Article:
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• Kinetic isotope effects Isotopic labelling may be used to probe the mechanism of a reaction. Consider the case where the rate-determining step of a reaction involves breaking a particular C-H bond. Labelling the compound with deuterium at that site will mean that a C-D rather than a C-H bond is broken. The bond dissociation energy of a C-D bond is higher than that of a C-H bond because the zero point energy is lowered when the reduced mass, , of a bond is increased, i.e. (C-D) > ( C-H) The zero point energy of a molecule corresponds to the energy of its lowest vibrational level (vibrational ground state). the rate-determining step should proceed more slowly for the deuterated compound.
• Slide 24
• Radiocarbon dating Radiocarbon dating is a technique used widely by archaeologists to date articles composed of organic material (e.g. wood). The method relies on the fact that one isotope of carbon, 14 C, is radioactive (t 1/2 = 5730 yr) and decays according to equation Analytical applications The use of radioisotopes in analysis includes determinations of solubilities of sparingly soluble salts and vapour pressures of rather involatile substances, and investigations of solid solution formation and adsorption of precipitates.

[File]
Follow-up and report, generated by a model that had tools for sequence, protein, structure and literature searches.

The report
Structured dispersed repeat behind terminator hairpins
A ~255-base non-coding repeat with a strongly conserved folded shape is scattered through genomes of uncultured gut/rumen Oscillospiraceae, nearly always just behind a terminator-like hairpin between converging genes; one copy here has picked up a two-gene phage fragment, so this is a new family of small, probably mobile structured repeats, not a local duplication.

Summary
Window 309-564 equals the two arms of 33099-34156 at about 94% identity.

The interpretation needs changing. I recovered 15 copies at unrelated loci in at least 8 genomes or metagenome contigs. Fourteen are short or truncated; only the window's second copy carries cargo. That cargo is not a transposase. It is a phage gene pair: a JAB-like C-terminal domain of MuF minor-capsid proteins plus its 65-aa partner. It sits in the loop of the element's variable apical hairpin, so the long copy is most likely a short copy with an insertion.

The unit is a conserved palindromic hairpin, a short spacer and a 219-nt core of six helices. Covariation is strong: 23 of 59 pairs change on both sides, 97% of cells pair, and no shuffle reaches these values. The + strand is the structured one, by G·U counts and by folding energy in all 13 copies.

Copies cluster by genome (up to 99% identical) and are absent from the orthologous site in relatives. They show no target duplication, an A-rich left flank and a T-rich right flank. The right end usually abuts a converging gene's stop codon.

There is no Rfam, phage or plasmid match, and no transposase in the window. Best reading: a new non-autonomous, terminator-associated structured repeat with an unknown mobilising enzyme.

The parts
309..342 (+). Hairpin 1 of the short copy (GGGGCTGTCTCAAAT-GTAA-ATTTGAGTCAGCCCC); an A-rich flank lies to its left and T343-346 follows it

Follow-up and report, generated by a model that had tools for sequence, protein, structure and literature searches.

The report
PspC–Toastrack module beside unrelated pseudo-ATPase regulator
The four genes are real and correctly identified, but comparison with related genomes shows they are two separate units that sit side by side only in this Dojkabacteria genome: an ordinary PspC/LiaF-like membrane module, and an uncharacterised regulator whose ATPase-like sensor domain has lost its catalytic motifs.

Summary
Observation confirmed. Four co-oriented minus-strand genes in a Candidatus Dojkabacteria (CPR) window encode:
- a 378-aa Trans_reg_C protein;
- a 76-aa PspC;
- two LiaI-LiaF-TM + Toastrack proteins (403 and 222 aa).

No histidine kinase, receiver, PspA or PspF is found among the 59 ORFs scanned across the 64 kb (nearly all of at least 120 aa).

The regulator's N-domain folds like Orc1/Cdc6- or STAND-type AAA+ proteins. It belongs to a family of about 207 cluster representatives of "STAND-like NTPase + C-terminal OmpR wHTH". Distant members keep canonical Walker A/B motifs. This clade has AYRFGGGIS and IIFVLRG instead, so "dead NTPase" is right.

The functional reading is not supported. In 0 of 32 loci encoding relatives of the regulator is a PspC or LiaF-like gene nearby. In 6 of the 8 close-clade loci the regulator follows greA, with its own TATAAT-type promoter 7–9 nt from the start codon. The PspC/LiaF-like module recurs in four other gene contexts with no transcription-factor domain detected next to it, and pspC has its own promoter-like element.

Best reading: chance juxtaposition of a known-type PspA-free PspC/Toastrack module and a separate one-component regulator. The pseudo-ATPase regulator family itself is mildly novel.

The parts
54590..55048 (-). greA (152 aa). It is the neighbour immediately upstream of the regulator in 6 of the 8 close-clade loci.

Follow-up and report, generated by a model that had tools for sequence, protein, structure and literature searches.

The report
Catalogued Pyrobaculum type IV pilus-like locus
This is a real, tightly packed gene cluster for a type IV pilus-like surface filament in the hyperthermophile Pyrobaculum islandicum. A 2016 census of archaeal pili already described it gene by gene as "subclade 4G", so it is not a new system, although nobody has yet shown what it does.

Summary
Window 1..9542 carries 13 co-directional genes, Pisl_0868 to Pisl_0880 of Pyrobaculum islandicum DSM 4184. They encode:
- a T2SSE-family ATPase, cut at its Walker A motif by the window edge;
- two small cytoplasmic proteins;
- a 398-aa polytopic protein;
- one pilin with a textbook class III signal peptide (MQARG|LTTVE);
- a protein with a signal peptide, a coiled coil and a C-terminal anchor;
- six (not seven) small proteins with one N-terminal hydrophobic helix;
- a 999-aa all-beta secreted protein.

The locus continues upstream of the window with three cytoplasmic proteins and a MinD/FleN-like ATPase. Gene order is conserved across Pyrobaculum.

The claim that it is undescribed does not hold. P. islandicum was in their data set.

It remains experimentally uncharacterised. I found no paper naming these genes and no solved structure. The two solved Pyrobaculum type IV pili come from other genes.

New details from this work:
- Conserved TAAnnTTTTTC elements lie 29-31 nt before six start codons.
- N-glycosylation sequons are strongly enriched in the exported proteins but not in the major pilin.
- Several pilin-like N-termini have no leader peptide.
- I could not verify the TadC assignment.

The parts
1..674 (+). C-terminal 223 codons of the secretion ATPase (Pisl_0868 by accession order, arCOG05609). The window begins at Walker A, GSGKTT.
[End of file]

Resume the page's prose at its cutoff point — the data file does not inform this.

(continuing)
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• 3.10 Sources of 2 H and 13 C Solvents for nuclear magnetic resonance (NMR) spectroscopy, enriched in deuterium to an extent of 99%, are commercially available. The separation of deuterium from naturally occurring hydrogen is achieved electrolytically with the isotope in the form of D 2 O. Carbon-13: chemical enrichment